A Malinois is what a Malinois does. There are as many variations in their behaviour as there are in how they look. Some of them, it’s true, are gregarious Sagittarians. Others are headstrong and bullish Taureans. You know what they actually, truly have in common? They’re dogs. That’s the first. They do dog stuff like other dogs. Some dig holes. Some are escape artists. All of them like sniffing butts and finding smells and rolling in the grass. Lots like lying with their paws up on the sofa. I can attest to that. Three of these dogs have lived with me. Like other dogs, they have ears and a nose and a heart and legs. They do dog stuff like eating chips left on the floor, looking for mice in the woodshed and playing with their human and canine friends. They have dog feelings and emotions too.

What else these dogs all have in common is that every single one of them is an individual.


They’re a product of the most unique combination of genetic, physiological, developmental, internal and external influences. No other dog is exactly like them. They’re also a social animal, so they’re also a product of the relationships they have. They are also part of an intricate ecological knot. They carry long and deep genetic memories of what it means to be a dog, to be a predator, to be a social animal. They also hold more recent memories like what they need to do when their human companions ask them to. To reduce them to simply ‘a Malinois’ is to reduce me to being Sagittarian. The same is true of any other dog. It forms a circular logic, an explanatory fiction. Why did she lose her temper? Well, because she’s a Sagittarian. They’re fiery and tempestuous. Clearly nothing to do with the idiot who overtook me on a blind bend, or the fact that I’m a woman of a certain age, or the fact that my parents and grandparents encouraged me and my siblings to speak our minds, but kindly, and to be honest and forthright, or the fact I’ve probably had more coffee than I should have, or the fact I’m worried about one of my dogs. No, it’s because I’m a Sagittarian. And why did my neighbour lose her temper? Well, because she’s an Aries and she likes locking horns with people. What about my grandmother? Taureans can be awfully stubborn. My grandfather? You know those Cancerians… crabby to the last.
When we write off behaviour as simply ‘it’s the breed’, we do exactly the same. Why did the dog bite? Well because it’s a Jack Russell… You know terriers… nippy little sods. Because he’s a German Shepherd… You know shepherds… mouthy to the last. Because he’s a cocker spaniel and he’s probably got Cocker Rage. Or is that Springers? Or Goldens? Or St Bernards? To write off behaviour as a breed simply a convenient explanatory fiction that provides no solution for anything.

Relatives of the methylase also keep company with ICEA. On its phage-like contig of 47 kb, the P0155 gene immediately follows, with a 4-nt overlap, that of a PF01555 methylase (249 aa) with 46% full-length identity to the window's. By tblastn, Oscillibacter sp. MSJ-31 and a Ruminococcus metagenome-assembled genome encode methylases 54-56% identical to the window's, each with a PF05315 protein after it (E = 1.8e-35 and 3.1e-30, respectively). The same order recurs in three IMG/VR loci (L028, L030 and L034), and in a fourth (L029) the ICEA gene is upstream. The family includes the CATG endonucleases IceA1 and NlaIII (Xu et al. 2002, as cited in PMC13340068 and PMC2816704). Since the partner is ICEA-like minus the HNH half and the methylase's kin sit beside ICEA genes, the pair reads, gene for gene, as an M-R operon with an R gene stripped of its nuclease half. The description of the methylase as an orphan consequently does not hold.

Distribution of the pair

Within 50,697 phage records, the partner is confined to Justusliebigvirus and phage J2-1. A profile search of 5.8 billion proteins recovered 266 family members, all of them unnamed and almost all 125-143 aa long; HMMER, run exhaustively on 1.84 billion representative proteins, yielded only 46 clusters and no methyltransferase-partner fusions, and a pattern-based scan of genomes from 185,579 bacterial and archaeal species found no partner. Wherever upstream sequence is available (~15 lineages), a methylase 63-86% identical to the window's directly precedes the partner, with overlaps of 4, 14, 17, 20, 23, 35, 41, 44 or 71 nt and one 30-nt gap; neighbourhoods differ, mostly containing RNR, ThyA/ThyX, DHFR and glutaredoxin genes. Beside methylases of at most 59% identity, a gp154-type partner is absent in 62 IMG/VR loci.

It’s also to massively misunderstand both dogs and breeds. In work that will most likely never be replicated, John Paul Scott worked on the genetics of behaviour in dogs in Jackson Labs in Bar Harbor. Jackson Labs are one of the world’s largest producers of research rodents and they’ve been looking at the genetics of behaviour since the 1930s. Scott’s work with John Fuller in the 1960s is an insight like no other into the genetics of behaviour. Dog science is lucky they did it on dogs. What they found was so nuanced and complex that the main bits fill 300 pages with data and insights. They focused on five breeds and their hybrids, and much of their data still has huge relevance today. Despite that, there are also limitations to their work. Cross-fostering wasn’t really a focus of their work so they never really explored early developmental processes on behaviour. They looked at hybrids (F1s) and what they found was perhaps not what people would expect: when they bred a cocker spaniel to a Basenji, they didn’t find that the offspring’s behaviours (like barking) were a diluted average of their parents: they found that some of the F1 puppies actually did a lot more of the behaviour than their parent who barked the most, and some did a lot less than their parent who barked the least. Even in a litter of puppies with little genetic variation, there will still be dogs who are ‘good’ at whatever it was they were designed to do, and ones who aren’t. To reduce dogs to simply a label is to completely misunderstand behavioural genetics. If anything, the contribution of the parents will be more important than anything we call ‘breed’. It’s also to misunderstand many other things when we reduce dogs to a breed label.